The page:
Wolf Committee Results

It was quite a while ago that I went through the thought process that convinced me that Ebert’s Method needed the KP-transformation rather than dealing with raw scores, but thinking about it again now, it was largely because if a candidate was elected with mainly less-than-max scores, then the voters would still have the same load as if they’d given a max score. For a really simple example, all voters could vote the same way (max 10, 2 to elect):

All voters: A=10, B=10, C=1, D=1

For any candidate that gets elected, the load would be spread equally among the voters, so CD would be the same as AB. It has to be that way for the total load to be spread out among the voters. So the KP-transformation (or something like it) is needed to make it known that C and D each only have a tenth of the support. I know you could argue that in practice there will be a range of scores for each candidate and it’s unlikely to make much difference overall, but it just says to me that it’s not The Right Way, so to speak.

That is a very valid point. It seems we are in a bit of a weird bind

Without the KP transform the total score is lost in the normalization. The metric is really only checking for the variance of the support across voter so this is somewhat an “as designed” problem.

With the KP transform each voter is split into MAX_SCORE number of voters. The metric then checks for the variance along the split voters not along the voters themselves. The voters could be reconstructed as the sum of the squares of their scores but this seems somewhat unnatural. There must be a better way to move to score.

Is there a way we could translate this into the more common framework we have been been putting each voter into so far. For example consider the following steps:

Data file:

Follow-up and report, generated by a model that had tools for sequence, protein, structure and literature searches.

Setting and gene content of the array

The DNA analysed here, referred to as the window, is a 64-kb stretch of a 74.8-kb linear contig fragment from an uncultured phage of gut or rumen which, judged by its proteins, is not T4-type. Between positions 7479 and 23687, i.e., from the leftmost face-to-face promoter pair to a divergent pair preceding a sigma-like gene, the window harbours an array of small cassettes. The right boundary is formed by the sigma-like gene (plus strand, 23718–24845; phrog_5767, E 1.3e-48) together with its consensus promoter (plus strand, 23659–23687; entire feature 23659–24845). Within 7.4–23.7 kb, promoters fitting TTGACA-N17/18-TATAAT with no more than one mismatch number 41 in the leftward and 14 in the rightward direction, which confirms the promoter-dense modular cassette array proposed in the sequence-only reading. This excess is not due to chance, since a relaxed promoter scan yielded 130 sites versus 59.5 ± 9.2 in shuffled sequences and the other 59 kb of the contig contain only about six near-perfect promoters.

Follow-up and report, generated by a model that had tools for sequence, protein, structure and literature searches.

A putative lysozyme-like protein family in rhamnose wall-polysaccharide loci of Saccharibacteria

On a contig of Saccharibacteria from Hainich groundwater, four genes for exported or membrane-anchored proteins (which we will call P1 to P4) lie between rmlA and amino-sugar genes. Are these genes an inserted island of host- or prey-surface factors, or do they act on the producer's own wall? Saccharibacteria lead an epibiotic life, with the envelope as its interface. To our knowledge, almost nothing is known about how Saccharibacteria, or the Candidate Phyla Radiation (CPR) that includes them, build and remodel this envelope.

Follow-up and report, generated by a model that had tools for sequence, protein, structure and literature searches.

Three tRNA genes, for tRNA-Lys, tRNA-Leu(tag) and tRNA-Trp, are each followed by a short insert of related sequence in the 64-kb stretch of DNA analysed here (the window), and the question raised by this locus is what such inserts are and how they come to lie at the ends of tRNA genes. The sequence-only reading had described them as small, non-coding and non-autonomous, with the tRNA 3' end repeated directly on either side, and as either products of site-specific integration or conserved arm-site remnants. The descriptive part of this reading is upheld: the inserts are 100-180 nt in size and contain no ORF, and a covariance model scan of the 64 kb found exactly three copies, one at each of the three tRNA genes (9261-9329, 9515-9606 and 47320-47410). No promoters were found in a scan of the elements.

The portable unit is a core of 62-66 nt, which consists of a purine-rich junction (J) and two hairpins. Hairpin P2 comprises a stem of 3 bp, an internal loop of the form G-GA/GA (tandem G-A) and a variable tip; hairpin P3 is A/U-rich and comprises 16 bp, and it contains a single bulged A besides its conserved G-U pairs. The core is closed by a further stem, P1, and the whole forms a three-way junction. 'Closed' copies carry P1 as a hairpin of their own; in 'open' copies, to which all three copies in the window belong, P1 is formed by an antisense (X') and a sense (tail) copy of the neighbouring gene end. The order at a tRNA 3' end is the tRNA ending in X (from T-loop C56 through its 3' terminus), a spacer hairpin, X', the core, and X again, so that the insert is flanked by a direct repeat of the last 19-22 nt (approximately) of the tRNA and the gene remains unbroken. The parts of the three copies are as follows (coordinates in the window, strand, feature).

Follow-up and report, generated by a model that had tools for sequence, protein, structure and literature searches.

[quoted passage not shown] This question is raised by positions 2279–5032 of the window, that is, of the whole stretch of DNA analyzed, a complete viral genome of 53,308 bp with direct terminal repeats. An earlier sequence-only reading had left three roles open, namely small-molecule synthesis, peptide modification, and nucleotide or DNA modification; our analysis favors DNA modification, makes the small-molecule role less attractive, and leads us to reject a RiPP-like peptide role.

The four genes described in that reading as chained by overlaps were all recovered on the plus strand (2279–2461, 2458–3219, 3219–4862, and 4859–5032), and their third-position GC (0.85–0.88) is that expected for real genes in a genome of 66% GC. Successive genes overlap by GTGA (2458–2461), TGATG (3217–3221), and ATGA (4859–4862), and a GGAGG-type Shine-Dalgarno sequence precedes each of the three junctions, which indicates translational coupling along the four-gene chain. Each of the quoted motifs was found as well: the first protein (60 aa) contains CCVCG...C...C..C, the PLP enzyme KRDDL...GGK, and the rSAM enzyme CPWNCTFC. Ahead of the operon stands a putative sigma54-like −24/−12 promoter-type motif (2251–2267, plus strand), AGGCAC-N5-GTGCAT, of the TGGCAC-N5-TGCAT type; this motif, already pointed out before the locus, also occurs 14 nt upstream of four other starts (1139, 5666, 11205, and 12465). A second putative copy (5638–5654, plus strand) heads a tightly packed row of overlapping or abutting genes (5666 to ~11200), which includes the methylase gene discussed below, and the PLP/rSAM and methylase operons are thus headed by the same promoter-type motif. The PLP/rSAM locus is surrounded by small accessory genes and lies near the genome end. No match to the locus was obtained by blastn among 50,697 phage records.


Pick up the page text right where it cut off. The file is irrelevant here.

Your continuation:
1. Select Score winner
  2. Calculate the deviation from the ideal load C/V for each voter ie C/V-load
  3. Set ballot weight to C/V-load
  4. Return to step 1

Maybe we do not want to have negative ballot weights. You could just take people out of influencing the election once they get C/V by setting the ballot weight to Max(C/V-load,0). I know this is pretty far from the original system but it might just be the case that Eberts method is really only suited as an Optimal Approval system. Thoughts?

It might seem intuitively unnatural, but I think it works well in practice, and I would argue that it makes RRV better as well, and also converts psi voting into harmonic voting, which reduces to score voting for a single winner (which I see as a good thing). It also generally preserves what I think it should preserve - primarily scale invariance and Pareto domination. I don’t think splitting voters in this way causes the loss of any important information that could cause bad results. But basically I don’t consider the fact that it seems unnatural as a significant negative.

Because of what I put above, I’d deem it unnecessary to make changes. Certainly from the perspective of the KP-transformation, but if it’s too awkward to code then obviously that’s another matter.

Coming back to this, it may be the case that you’d consider my examples not too bad for Sequentially Spent Score or for Hamilton more generally. However, philosophically I see Hamilton as the wrong direction to be heading in in the first place, and would consider highest averages/divisor (e.g. D’Hondt or Sainte-Laguë) a far superior starting point. So instead of going with a Hamilton method and arguing that the wrong/weird results it throws up aren’t really that bad, you can cut that out by going straight for highest averages.